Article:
CAPE MAY — The former Shelton College building on the east side of town must be demolished, officials said.

Built in 1964 by radio evangelist the late Rev. Carl McIntire, the building partially collapsed Feb. 23, and neighbors have been demanding the city take action.

Located at Baltimore and New York avenues, the building had been vacant and run down in recent years and was used for storage by owner Gus Andy, who owns the nearby La Mer Beachfront Inn. Andy purchased the building from the Christian Beacon Press in 1995.

City Construction Official Bill Callahan on Monday said the city recently made Andy put a fence around the building and has pushed for its demolition. Callahan noted the building is surrounded by “$1 million dollar houses” and neighbors are saying it’s an eyesore that harbors rats.

“People are getting unnerved that it’s just sitting there,” Callahan said.

Andy is in Florida and did not return phone calls this week.

Callahan said Andy was sent a notice that the building is unsafe and he is now in violation for allowing the building to remain in that condition.

Callahan also said the delay is not necessarily Andy’s fault, as he needs approvals from the state Department of Environmental Protection because the building is next to freshwater wetlands. He said Andy had been trying to save part of the building, a section that includes classrooms, to continue using at least part of it for storage. He said Andy is looking into getting two 40-foot trailers on the La Mer Beachfront Inn site to store items now in the college building.

Saving part of the building appears to no longer be an option, however. Callahan said Andy has a signed contract for a complete demolition. He noted Andy already has approvals to build 15 single-family homes on the site, which is larger than 4 acres and covers an entire city block.

“He has a signed contract, and once it’s cleared out I’ll issue a demolition permit. He doesn’t have an exact date, but I’d say within 10 days to two weeks,” Callahan said Monday.

Shelton College has a long, colorful history. McIntire, once called the “dean of right-wing radio preachers,” was a fundamentalist Christian who beamed his program, “20th Century Reformation Hour,” from atop his Christian Admiral Hotel on the beachfront to 150 stations throughout the country. He was one of the first nationally known radio evangelists.

McIntire, who died in 2002 at the age of 95, got his start preaching on the Atlantic City Boardwalk but came to Cape May after the 1962 storm, buying up properties at bargain prices and launching his ministry. He railed against Communism, beach fees, Russian fishing trawlers, Congress and many other issues until the FCC took away his broadcast license in 1973. He blamed then-President Richard Nixon.

McIntire built Shelton College but fought unsuccessfully to get state accreditation for it. He argued the state had no right to regulate religious schools.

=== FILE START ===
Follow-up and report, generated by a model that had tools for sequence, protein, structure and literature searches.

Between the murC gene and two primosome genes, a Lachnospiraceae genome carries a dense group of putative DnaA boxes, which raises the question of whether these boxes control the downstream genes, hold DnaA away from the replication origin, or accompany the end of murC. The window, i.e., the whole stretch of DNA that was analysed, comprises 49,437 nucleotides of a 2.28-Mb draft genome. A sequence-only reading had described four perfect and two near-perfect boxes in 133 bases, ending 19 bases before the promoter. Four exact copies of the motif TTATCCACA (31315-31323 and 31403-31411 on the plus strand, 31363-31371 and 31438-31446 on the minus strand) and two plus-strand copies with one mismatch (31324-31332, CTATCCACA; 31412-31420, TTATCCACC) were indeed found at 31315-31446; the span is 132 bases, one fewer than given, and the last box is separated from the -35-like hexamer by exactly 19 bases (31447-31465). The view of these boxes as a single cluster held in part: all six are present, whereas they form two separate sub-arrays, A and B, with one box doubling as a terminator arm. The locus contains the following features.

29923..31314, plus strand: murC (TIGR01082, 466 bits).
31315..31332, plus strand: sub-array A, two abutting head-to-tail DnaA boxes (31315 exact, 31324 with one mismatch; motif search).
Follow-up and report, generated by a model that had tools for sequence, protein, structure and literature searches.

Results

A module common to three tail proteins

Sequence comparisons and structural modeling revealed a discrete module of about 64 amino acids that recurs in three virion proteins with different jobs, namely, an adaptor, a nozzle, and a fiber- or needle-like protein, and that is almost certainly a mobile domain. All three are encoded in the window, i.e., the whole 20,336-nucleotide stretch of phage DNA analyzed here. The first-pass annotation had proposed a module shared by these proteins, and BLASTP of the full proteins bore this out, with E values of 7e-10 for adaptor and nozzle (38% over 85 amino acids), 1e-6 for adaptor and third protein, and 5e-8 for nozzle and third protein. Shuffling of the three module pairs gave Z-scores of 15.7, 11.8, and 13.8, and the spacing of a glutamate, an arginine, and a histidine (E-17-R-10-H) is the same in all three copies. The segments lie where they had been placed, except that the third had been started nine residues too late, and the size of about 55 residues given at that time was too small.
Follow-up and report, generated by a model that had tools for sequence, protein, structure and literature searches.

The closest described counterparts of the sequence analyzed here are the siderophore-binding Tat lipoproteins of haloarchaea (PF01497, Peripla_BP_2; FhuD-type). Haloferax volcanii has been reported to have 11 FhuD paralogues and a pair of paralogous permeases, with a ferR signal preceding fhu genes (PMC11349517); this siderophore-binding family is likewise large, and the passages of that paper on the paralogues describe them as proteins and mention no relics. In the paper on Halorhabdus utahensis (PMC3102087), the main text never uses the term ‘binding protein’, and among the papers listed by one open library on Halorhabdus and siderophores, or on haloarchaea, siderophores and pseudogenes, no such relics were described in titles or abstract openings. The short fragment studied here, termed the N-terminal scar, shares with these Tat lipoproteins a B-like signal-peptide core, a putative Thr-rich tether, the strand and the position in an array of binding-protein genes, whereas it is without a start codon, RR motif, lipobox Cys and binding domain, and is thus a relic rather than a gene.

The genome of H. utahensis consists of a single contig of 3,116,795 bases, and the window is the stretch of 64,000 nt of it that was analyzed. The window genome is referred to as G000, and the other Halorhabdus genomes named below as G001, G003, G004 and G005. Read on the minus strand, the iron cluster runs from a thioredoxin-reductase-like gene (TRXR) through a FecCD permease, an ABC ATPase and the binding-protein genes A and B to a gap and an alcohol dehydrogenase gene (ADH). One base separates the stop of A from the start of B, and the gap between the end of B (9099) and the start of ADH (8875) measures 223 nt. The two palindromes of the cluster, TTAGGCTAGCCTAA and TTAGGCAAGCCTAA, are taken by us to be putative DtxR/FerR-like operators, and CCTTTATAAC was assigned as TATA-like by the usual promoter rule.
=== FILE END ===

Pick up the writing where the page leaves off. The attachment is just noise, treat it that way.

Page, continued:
The college at its height had 200 students and 20 faculty members, but the 24-acre campus McIntire envisioned never got off the ground. He once sent students from the college to Washington to support the Vietnam War, countering an anti-war rally at the time, and the school’s soccer team one year won the North Atlantic Christian College Conference title.

The campus eventually got embroiled in a controversy over back taxes and other issues. McIntire argued as a religious institution it should be exempt.

The college building found many other uses before Andy purchased it. It briefly hosted the Cape May Stage and classes for Atlantic Community College. It was used for a variety of seminars and workshops under the name Cape May Institute of Shelton College. The city discussed buying it for a new city hall, convention hall or police station at one point, and the Mid-Atlantic Center for the Arts wanted to turn it into a cultural center. It was also discussed as a possible site to park tour buses.

Andy purchased it with plans to develop the site into 17 units but went to court with the DEP over the required buffer to wetlands on the adjacent lands owned by East Cape May Associates. Callahan said it is approved for 15 units. City Tax Assessor Michael Jones said the property is assessed at $3.25 million, but most of that is the land. The building is assessed at $461,600.

City Manager Bruce MacLeod said Andy still needs to move storage items from the building and make sure all utilities are turned off before the demolition can go forward. He also has to notify nearby property owners of the demolition. The Christian Admiral Hotel was torn down years ago to make way for upscale housing, and the long-vacant college, one of the last vestiges of McIntire’s era in Cape May, may follow suit.

“I’m sure the surrounding property owners will be happy it’s coming down and something nice, houses or an open view, will replace it,” MacLeod said.

Contact Richard Degener:


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Press copy editor since 2006, copy desk chief since 2014. Masters in journalism from Temple University, 2006. My weekly comics blog, Wednesday Morning Quarterback, appears Wednesday mornings at

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